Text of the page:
World Cup puts converged networking to the test

Big data and voice over IP network built for ourney

Soccer's World Cup tournament stands out as perhaps the ultimate contest of national pride, but this year's quadrennial event will also serve as a key proof-of-concept vehicle for converged voice and data networking technology.

With 120,000 data and voice over IP telephone connections in 22 locations throughout Japan and South Korea, the World Cup's network will be the largest converged installation to date, according to several industry analysts. And the stakes are immensely high, because media from around the world will be completely reliant on the network when covering the games, which start May 31 and end June 30.

Gerard Gouillou, CIO at the Zurich-based Federation Internationale de Football Association (FIFA), said this has been the most difficult IT project ever for soccer's governing body. But his team began running usage simulations on the network last week, and Gouillou likes what he's seen so far.

"The full deployment will not occur until 16 days prior to the event. . . . But based on our testing, we do not anticipate any issues," he said.

Proving Ground


Network Mundial

The converged voice and data network being set up for the World Cup includes the following technology:

600-plus IP telephones at each of 20 stadiums across Japan and Korea, and more than 800 at each of two international media and IT centers

2,000 miles of cabling

150 wide-area network connection ports

200 routers and 100 data networking switches

A wireless LAN at each stadium that supports Internet access from mobile PCs.


Zeus Kerravala, an analyst at The Yankee Group in Boston, said the World Cup provides a significant test case for IP telephony and voice/data convergence. "The world's watching them here," Kerravala said, although he added that FIFA should be able to pull off the networking job without many hitches if it's careful to get things right before going live.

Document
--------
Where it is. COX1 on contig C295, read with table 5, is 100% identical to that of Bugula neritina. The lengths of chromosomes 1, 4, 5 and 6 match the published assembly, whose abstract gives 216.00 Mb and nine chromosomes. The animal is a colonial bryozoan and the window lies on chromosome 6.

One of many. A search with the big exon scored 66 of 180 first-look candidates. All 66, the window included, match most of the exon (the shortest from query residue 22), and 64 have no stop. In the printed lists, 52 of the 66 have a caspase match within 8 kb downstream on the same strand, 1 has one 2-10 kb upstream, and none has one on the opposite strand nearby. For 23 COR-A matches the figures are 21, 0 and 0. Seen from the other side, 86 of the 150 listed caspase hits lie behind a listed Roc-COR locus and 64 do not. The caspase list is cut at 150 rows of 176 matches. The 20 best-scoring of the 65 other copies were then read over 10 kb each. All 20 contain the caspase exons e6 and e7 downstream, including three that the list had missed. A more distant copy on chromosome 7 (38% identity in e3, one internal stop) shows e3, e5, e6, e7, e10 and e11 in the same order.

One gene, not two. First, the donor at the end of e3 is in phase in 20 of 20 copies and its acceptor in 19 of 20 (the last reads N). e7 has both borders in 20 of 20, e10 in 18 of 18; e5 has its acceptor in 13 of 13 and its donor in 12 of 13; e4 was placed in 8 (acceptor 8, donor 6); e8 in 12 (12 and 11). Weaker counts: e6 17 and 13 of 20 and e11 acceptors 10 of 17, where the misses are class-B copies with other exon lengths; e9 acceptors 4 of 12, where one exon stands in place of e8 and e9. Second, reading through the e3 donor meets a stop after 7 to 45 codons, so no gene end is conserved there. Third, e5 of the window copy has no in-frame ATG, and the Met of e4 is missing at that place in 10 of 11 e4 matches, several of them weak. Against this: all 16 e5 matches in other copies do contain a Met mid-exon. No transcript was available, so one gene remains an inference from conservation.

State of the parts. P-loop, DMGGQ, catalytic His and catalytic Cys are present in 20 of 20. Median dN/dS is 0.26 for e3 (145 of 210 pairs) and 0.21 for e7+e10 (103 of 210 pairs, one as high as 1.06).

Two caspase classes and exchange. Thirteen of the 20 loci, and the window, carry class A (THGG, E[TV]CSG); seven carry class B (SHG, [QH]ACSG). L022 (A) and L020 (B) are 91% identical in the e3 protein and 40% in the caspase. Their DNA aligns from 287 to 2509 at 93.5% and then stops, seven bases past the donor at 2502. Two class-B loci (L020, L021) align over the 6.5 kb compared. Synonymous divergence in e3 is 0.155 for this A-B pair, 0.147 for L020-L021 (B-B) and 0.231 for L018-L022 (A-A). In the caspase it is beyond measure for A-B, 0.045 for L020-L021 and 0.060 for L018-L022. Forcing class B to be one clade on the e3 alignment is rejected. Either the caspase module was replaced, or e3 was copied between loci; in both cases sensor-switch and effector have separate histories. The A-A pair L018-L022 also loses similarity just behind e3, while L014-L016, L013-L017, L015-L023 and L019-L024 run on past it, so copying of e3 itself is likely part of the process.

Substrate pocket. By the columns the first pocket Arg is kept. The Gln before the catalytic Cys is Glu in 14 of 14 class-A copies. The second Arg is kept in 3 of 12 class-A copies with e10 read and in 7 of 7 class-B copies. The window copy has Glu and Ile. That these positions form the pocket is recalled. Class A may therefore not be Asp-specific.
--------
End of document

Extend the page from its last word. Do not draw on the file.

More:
"From our experience, any bad voice-over-IP installation has [happened] because the upfront work hasn't been done," Kerravala said.

FIFA enjoys one luxury that most other businesses don't: A vendor is footing the bill for its network. In fact, Avaya Inc., in Basking Ridge, N.J., paid more than $100 million for the right to build the networks for this year's World Cup, the 2006 tournament and the women's World Cup finals next year.

Avaya will also supply the equipment and dedicate more than 100 workers to this year's project. Doug Gardner, managing director of Avaya's World Cup effort, declined to disclose how much it will cost to set up and run the network.

He said the immensity of the job was compounded by a short time frame. Avaya was awarded the contract last June and has been required to set up in just nine months a network that would normally take two to three years to complete, Gardner said.

Gouillou said detailed attention has been paid to features such as redundancy, quality of service and network-monitoring capabilities.

Avaya built in 40% more switching capacity and network bandwidth than the expected peak usage levels, said Gardner. Partnering with telecommunications providers in Japan and South Korea, the company also laid four trunk lines across the Sea of Japan to connect the tournament's two main IT centers. If a catastrophic failure occurs at one, the other will take over its operations, according to Gardner.

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